Hollywood actors join the biggest work stoppage in Tinseltown since the 1960s in July, saying that it has become almost impossible to earn a decent living for non A-listers and fear AI could be used to clone their voices and likenesses.

The strike cripples the entertainment industry and delays hundreds of popular shows and films before the studios and actors agree a deal in November, two months after the writers went back to work.

- Deadly fires -

The year goes out with a sizzle, with the European Union's climate monitor predicting 2023 will be the hottest on record.

Drought made worse by climate change was cited as one of several factors behind the deadliest wildfire in the US in a century that claimed at least 115 lives on the Hawaiian island of Maui in August.

Tourists and residents also fled huge fires on the Greek islands of Rhodes and Corfu but the worst-affected country, in terms of area consumed by fire, was Canada, with over 18 million hectares of forest going up in smoke.

- Moon, the new frontier -

The space race heats up in 2023, with rising star India becoming the first nation to successfully land an unmanned craft on the Moon's south pole in August, just days after a Russian lunar vehicle crashed into its surface.

Over half a century after US astronaut Neil Armstrong became the first man to walk on the moon, several countries are jostling to return humans to the celestial body.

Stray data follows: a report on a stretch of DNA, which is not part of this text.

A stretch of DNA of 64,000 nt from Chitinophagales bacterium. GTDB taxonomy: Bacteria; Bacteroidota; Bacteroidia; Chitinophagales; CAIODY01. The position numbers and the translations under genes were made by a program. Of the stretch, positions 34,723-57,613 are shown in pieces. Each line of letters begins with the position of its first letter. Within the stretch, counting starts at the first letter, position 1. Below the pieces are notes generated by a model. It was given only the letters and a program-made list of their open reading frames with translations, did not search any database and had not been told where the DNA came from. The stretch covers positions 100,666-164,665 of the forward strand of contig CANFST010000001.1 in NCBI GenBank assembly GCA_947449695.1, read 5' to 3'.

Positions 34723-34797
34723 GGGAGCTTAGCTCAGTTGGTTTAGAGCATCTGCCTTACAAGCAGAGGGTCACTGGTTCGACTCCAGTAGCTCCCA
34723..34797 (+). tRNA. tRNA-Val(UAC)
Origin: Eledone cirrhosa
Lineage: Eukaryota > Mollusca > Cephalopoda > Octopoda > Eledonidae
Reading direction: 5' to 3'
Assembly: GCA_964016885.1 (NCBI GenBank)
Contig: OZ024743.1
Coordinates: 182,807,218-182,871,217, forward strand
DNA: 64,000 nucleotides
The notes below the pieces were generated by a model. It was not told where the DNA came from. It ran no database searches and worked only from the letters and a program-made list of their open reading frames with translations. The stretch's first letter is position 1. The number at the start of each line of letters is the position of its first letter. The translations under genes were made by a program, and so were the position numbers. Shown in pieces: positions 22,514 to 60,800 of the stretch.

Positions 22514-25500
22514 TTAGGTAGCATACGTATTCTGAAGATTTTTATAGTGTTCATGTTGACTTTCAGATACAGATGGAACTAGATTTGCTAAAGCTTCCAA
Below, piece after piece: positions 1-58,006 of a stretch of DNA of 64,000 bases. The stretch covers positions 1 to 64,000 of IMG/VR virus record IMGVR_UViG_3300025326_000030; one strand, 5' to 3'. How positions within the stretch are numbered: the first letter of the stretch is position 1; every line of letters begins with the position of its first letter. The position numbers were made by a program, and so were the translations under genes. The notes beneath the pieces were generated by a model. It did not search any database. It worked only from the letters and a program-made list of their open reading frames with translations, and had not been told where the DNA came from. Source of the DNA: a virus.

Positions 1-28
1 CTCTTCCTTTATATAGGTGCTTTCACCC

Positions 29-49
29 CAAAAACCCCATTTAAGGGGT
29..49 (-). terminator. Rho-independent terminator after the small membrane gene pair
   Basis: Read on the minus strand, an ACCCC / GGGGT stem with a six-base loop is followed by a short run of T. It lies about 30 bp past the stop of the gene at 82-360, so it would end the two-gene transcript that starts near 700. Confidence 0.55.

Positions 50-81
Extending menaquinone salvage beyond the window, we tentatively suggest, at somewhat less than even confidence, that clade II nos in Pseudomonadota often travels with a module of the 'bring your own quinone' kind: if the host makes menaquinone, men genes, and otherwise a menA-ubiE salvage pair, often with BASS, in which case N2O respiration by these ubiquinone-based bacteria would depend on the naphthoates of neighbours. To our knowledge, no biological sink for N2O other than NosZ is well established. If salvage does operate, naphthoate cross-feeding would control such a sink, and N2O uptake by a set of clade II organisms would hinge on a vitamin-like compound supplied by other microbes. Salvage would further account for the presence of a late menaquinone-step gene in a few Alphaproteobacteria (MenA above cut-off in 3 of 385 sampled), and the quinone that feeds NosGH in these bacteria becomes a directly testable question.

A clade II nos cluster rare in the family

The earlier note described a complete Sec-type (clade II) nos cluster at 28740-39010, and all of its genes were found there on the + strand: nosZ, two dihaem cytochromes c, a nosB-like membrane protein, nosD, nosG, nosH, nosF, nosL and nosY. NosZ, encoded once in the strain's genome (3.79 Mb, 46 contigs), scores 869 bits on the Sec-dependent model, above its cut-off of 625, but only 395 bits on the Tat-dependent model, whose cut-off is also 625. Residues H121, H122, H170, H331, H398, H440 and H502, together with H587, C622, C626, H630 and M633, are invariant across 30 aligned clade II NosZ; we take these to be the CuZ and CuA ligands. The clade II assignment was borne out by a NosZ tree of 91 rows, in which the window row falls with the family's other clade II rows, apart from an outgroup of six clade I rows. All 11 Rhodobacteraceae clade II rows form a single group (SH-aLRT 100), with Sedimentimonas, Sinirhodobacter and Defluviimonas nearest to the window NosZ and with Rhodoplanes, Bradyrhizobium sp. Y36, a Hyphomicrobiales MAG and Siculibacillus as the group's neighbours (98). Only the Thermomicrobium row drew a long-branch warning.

NASA is aiming for a crewed mission by 2025, China for 2030 and India for 2040.

- Forced Spanish kiss -

Spain's victory over England in the women's football World Cup final in Sydney on August 20 triggers scenes of wild rejoicing at home.

But the euphoria quickly gives way to outrage when Spanish football chief Luis Rubiales is caught planting a kiss on the lips of captain Jenni Hermoso minutes after the game -- a kiss she says later she saw as "an assault".

A defiant Rubiales insists the kiss was consensual but faced with a huge outcry, he eventually resigns.

- Caucasus exodus -

The breakaway republic of Nagorno-Karabakh winds up its three-decade push for independence in September after being recaptured by Azerbaijan in a lightning offensive that empties the mountainous region of most of its ethnic Armenian population.

Karabakh residents flee to Armenia, fearing violence and not wanting to be ruled by Turkic-speaking Azerbaijanis with whom ethnic Armenian separatists fought two wars over the territory since the 1990s.

- Argentina lurches right -

In November, Argentina lurches to the right with the election of libertarian wild card candidate, Javier Milei, on a promise to "blow up" the central bank, dollarise the economy, privatise health and education and hold a vote on repealing abortion laws.

The economist and TV pundit known for his foul-mouthed rants against the political "caste" rides a wave of fury over decades of economic decline and double-digit inflation under the long-dominant Peronist (centre-left) coalition.

His vow to return Argentina to its "golden age" at the dawn of the 20th century draws comparisons with former US president Donald Trump's "Make America Great Again" slogan.